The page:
Three Days at Gettysburg: Essays on Confederate and Union Leadership

Three Days at Gettysburg: Essays on Confederate and Union Leadership

Three Days at Gettysburg: Essays on Confederate and Union Leadership

Three Days at Gettysburg: Essays on Confederate and Union Leadership

Synopsis

No Civil War military campaign has inspired as much controversy about leadership as has Gettysburg. The contributors to this volume believe there is room for scholarship that revisits the sources on which earlier accounts have been based and challenges prevailing interpretations of key officer's performances. They have trained their investigative lens on some obvious and some relatively neglected figures, with an eye toward illuminating not only what happened at Gettysburg but also the nature of command at different levels.

Excerpt

This book BRINGS TO COMPLETION A PROJECT BEGUN in 1992. The First Day at Gettysburg: Essays on Confederate and Union Leadership appeared that year, followed in 1993 by The Second Day at Gettysburg: Essays on Confederate and Union Leadership. A third volume covering July 3, 1863, which was to have been published soon after the second book, languished because of my tendency to take on too many commitments. After the passage of several years and reflection about how best to present material on the battle's third day following so long a hiatus, I proposed offering in a single volume the nine original essays together with four new ones devoted to leadership on July 3. John T. Hubbell at The Kent State University Press, exhibiting admirable patience regarding this project, agreed that a single book covering the entire battle made sense. The result is Three Days at Gettysburg: Essays on Confederate and Union Leadership.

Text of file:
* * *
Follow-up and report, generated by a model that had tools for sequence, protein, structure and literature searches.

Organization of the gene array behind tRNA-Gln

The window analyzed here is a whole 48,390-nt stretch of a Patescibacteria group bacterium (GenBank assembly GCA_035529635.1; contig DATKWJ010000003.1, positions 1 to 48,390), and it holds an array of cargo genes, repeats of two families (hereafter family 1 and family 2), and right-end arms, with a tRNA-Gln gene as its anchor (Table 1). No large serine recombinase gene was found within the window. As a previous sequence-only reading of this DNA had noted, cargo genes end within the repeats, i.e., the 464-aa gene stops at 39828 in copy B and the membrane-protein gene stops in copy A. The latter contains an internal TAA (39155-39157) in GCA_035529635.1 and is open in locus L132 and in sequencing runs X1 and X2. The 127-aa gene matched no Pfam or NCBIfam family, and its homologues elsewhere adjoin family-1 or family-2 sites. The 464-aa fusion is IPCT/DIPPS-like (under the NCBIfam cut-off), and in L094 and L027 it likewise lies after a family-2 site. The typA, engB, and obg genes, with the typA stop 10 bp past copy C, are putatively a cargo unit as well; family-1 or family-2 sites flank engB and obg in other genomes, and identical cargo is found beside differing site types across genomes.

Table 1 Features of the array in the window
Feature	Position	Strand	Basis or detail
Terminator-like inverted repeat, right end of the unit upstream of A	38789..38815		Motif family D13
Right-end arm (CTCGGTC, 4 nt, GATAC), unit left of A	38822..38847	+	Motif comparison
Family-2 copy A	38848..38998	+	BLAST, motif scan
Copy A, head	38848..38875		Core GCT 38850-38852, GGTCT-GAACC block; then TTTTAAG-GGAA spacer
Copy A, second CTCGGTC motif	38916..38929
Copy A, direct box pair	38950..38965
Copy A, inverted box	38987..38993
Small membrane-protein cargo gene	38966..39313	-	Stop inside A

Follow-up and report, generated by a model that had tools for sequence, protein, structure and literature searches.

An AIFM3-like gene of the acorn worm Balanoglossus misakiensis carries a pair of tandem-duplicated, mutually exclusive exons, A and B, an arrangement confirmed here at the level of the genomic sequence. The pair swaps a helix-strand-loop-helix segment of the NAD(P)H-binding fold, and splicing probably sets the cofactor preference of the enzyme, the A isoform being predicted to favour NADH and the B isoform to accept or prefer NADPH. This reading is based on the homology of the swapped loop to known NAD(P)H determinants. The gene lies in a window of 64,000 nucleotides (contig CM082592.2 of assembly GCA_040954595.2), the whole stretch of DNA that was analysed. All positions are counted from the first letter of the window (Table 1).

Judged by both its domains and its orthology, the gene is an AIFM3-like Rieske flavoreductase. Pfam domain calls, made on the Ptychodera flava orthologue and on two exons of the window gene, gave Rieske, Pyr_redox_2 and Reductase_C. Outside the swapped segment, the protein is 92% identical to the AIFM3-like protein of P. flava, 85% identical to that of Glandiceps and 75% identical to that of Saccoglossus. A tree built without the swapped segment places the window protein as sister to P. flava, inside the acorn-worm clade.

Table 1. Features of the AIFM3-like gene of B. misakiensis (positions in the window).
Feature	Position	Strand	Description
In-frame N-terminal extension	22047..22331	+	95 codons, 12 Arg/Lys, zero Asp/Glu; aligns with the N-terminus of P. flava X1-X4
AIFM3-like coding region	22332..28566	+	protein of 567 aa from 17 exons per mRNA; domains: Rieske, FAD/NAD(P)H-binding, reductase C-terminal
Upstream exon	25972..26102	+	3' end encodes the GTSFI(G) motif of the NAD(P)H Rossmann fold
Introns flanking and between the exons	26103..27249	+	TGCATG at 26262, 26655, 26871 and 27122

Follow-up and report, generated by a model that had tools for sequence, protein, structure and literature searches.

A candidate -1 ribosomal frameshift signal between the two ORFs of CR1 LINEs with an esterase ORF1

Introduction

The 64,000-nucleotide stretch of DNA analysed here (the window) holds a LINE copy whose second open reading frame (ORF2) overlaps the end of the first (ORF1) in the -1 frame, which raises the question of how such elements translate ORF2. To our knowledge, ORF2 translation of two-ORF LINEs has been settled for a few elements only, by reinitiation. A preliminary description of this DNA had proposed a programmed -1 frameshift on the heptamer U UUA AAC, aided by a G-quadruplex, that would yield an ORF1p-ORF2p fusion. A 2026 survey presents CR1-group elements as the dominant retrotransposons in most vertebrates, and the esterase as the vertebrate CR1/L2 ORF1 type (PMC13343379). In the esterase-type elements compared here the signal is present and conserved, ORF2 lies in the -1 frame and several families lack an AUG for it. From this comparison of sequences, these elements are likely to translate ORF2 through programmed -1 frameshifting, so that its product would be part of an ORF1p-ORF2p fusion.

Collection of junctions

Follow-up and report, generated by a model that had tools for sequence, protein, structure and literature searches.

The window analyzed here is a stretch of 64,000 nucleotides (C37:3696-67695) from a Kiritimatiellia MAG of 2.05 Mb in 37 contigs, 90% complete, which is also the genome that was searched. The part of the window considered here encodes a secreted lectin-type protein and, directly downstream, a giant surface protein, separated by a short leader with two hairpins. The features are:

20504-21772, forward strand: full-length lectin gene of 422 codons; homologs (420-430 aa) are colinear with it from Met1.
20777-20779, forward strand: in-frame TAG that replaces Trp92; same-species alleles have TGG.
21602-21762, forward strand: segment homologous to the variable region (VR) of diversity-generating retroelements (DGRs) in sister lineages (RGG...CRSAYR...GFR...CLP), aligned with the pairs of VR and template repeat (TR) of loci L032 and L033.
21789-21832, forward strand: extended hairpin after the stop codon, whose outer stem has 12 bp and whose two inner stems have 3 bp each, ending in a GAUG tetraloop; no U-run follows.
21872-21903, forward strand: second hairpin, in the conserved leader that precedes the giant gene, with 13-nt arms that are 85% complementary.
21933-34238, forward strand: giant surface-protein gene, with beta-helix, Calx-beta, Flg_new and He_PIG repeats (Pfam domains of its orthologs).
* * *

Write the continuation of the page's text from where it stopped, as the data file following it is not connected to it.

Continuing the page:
No Civil War military campaign has inspired as much controversy relating to leadership as Gettysburg. The debates began almost immediately after the battle, and they continue today. After the war, Confederates engaged in fierce arguments over who was to blame for their defeat. Following the lead of Lost Cause writers who sought to absolve Lee of all responsibility (Lee himself had taken full responsibility during the war), most white Southerners fixed on James Longstreet as their principal villain. For his part, Longstreet suggested that Lee's actions invited critical scrutiny. Less vitriolic discussion focused on the actions of Richard S. Ewell and A. P. Hill, Lee's other two corps commanders, as well as on cavalry chief James E. B. Stuart, division leader Jubal A. Early, and various others. On the Union side, supporters of the Army of the Potomac's commander George G. Meade and Third Corps chief Daniel E. Sickles waged a bitter battle of words about events on July 2. Northern veterans also wrangled aboutwho should receive credit for establishing the splendid defensive position on high ground . . .

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